High Court Clarifies What is a Unit Trust
The recent High Court decision in ElecNet (Aust) Pty Ltd v Commissioner of Taxation  HCA 51 provides useful guidance as to what constitutes a unit trust under the Income Tax Assessment Act 1936 (Cth) (ITAA).
The Key Facts
- ElecNet (Aust) Pty Ltd (ElecNet) was the trustee of the Electrical Industry Severance Scheme (EISS).
- The EISS was created in 1997 by deed (Trust Deed).
- Employers in the electrical industry can join the EISS. Employers can make payments to ElecNet with respect to an employee. That payment is credited by ElecNet to the name of the employee. If that employee’s employment is terminated, ElecNet makes a severance or redundancy payment to the employee.
- ElecNet sought a tax ruling that the EISS was a public trading trust. If EISS was a public trading trust, it would pay the lower corporate tax rate of 30% instead of the general rate applicable to trusts of 45%.
- The Commissioner ruled that the EISS is not a public trading trust.
- ElecNet appealed the Commissioner’s ruling and was successful at first instance in the Federal Court.
- The Commissioner succeeded on appeal to the Full Federal Court.
The High Court
- The issue before the High Court was whether EISS was a unit trust for the purpose of Division 6C of Part III the ITAA.
- Section 102M of the ITAA contains the following definitions:
(a) unit, in relation to a prescribed trust estate, includes a beneficial interest, however described, in any of the income or property of the trust estate.
(b) prescribed trust estatemeans a trust estate that is, or has been, a public trading trust in relation to any year of income;
- The expression “unit trust” is undefined in the ITAA.
- ElecNet argued that:
(a) each dollar paid by an employer to ElecNet and credited in respect of an employee is a “unit” as defined (being an employee’s beneficial interest
in the EISS trust estate), and the EISS is a unit trust;
(b) what constitutes a “unit”, as defined, should not constrained by pre-conceived assumptions of what the nature of a unit trust is; and
(c) the EISS belonged to an undefined category of “unit trust” which fell between a “discretionary trust” and a “fixed trust” under the ITAA.
This is because the beneficiaries of the EISS had entitlements capable of being calculated numerically or proportionately (“units”) which were contingent on a specified event occurring, but those entitlements could be defeated by an event, circumstance or authorised act of a trustee.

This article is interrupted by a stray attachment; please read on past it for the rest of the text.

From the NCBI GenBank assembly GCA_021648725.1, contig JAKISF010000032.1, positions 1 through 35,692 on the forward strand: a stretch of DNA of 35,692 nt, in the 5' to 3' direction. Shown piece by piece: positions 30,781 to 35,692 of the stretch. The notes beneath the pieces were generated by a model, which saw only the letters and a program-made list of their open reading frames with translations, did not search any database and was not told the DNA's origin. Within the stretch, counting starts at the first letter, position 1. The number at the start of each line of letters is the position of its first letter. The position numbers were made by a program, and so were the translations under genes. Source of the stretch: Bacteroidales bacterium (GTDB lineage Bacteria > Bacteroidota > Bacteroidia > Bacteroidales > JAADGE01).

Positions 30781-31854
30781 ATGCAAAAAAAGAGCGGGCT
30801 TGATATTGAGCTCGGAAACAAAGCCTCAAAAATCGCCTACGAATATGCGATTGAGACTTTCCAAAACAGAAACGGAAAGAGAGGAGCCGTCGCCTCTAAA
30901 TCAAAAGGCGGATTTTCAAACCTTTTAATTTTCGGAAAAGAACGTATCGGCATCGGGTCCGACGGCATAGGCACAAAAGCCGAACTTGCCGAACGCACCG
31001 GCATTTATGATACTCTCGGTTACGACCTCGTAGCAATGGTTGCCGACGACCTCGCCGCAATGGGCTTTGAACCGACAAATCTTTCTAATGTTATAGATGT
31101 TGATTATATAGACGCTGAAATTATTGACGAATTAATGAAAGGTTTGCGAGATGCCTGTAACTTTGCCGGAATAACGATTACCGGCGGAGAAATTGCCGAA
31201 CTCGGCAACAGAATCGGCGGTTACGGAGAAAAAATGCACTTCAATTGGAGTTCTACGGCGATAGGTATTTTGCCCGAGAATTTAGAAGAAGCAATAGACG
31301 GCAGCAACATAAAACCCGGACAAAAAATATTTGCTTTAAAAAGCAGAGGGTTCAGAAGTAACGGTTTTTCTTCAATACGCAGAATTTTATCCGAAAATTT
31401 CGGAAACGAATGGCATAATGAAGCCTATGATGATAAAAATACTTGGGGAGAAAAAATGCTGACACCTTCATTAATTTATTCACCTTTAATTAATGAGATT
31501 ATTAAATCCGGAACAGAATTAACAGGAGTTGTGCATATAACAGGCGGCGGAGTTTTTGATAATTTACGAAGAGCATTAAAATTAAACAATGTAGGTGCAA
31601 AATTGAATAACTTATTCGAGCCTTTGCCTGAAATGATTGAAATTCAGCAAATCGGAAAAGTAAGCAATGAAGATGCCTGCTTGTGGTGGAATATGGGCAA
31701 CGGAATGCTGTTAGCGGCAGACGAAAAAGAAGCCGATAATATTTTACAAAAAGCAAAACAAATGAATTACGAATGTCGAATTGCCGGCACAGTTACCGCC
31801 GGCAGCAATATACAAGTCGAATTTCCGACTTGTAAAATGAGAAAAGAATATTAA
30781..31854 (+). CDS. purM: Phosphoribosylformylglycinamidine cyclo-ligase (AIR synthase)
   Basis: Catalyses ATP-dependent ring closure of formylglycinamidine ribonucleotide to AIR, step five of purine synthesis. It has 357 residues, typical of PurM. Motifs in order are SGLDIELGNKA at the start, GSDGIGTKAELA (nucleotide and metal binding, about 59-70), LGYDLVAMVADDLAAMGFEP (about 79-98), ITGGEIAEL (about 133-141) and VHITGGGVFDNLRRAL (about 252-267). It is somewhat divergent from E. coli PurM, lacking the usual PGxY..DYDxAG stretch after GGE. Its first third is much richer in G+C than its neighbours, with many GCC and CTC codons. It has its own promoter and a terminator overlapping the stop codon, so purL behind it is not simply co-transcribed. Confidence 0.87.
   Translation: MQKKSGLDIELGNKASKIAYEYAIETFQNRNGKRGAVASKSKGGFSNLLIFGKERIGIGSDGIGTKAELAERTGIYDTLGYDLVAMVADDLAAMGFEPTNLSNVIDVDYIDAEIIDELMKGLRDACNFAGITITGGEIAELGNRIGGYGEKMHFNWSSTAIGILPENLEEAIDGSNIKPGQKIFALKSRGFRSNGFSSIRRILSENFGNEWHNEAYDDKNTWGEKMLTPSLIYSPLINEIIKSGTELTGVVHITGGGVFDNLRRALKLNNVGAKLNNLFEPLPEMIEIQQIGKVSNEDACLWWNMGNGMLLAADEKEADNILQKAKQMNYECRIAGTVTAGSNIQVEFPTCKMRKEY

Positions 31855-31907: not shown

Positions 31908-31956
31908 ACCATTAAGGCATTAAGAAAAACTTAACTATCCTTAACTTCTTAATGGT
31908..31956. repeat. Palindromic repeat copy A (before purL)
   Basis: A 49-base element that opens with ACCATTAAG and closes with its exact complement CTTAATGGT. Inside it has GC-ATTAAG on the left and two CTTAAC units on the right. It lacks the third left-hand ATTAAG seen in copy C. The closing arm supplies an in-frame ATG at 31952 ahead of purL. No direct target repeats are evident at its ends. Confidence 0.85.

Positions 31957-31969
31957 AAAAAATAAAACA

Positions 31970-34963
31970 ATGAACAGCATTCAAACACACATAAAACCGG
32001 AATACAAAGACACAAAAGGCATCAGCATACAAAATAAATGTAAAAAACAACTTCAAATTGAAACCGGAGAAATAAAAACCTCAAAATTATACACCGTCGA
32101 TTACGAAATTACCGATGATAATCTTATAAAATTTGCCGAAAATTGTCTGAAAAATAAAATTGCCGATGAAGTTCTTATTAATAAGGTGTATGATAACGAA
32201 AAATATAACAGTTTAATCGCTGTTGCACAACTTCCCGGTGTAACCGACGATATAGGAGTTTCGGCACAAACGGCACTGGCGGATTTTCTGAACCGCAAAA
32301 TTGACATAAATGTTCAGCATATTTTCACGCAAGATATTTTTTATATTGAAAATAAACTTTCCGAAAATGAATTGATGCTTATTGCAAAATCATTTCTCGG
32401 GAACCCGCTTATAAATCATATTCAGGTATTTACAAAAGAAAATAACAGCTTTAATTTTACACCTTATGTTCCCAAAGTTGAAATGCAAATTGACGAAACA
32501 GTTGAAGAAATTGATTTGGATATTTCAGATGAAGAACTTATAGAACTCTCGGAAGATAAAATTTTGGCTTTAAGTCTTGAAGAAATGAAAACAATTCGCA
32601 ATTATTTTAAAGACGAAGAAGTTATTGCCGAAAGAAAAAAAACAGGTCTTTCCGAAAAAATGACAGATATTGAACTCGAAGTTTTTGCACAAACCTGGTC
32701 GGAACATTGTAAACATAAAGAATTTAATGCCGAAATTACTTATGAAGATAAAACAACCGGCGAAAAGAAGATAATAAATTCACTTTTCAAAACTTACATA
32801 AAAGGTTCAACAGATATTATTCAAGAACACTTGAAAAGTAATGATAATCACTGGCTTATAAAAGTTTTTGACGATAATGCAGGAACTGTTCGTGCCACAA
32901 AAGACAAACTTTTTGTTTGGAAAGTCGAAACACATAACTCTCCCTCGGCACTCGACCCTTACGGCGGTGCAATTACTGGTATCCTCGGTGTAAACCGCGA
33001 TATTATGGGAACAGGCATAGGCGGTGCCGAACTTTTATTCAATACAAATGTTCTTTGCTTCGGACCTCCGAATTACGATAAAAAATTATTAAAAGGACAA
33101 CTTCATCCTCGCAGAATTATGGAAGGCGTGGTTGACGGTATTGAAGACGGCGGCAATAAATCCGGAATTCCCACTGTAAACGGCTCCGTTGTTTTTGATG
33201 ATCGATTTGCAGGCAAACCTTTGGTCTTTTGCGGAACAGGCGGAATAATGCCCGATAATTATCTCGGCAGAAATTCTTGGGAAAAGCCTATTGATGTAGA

- The Commissioner argued that:
(a) the expression “unit trust” in Division 6C, and in common usage, refers to the recognised trust relationship developed, as an alternative to a company,
as a structure for investors to group resources for investing or trading;
(b) many aspects of the EISS are not analogous to that of a unit trust including:
(i)the beneficial interest in the EISS is not divided into units (however a unit is described);
(ii) the employees’ rights and entitlements are dependent on ElecNet exercising its discretion and on matters
peculiar to specific employees (such as amounts paid by employers to ElecNet on their behalf); and
(iii) ElecNet could distribute trust funds other than by payment to an employee.
The High Court’s decision
- The High Court held that the EISS was not a unit trust for the purpose of Division 6C, and therefore not a public trading trust.
- There were several key findings behind the leading judgment.
(a) ElecNet can broadly determine at its discretion which employees would be paid under the EISS and the amount of the payment.
This is indicative of the employees’ not having a beneficial interest in any of the income or property of the EISS.
(b) The extent of an employee’s entitlement is not measureable as a percentage of the EISS trust estate by reference to the terms of the Trust Deed.
The entitlement depends on the contributions paid on behalf of that employee by the employer to ElecNet and the employee’s other circumstances.
(c) The beneficial interest of each employee is not divided into units under the Trust Deed. There are no discrete parcels of rights which can be separately
dealt with. The employees were not issued, and did not hold, units merely through the crediting of payments to their name by ElecNet.
(d) The inclusive definition of “unit” in section 102M of the ITAA does not expand the meaning of “unit trust” for the purpose of Division 6C.
(e) The context of Division 6C requires the expression “unit trust” to be given its common usage meaning. There is no precedent, anywhere in
the world, for the term “unit trust” to apply in circumstances other than where under the applicable trust deed:
(i) the beneficial interest in the trust fund is divided into units; and
(ii) the units when created or issued are held by persons for whom the trustee maintains and administers the estate.
(f) The legislative purpose behind Division 6C is to treat unit trusts in a similar way to companies for tax purposes. The relationship established by the Trust Deed
between ElecNet and an employee is not analogous to the relationship between a shareholder and company:
(i) the entitlement of employees under the EISS is not divided into units in the way that a shareholder’s entitlement in a company is divided into shares;
(ii) a payment by an employer to ElecNet that is credited to an employee is not analogous to a person subscribing to the capital of a company
and obtaining rights to a proportion of its profits in return; and
(iii) a payment to an employee by ElecNet is not analogous to a dividend paid to a shareholder in a company, because the payment
is at the discretion of ElecNet and the quantum of payment differs from employee to employee.
The High Court decision helpfully identifies some of the key indicators of a unit trust. In establishing a trust, it is crucial to choose a structure and trust terms that suits the circumstances.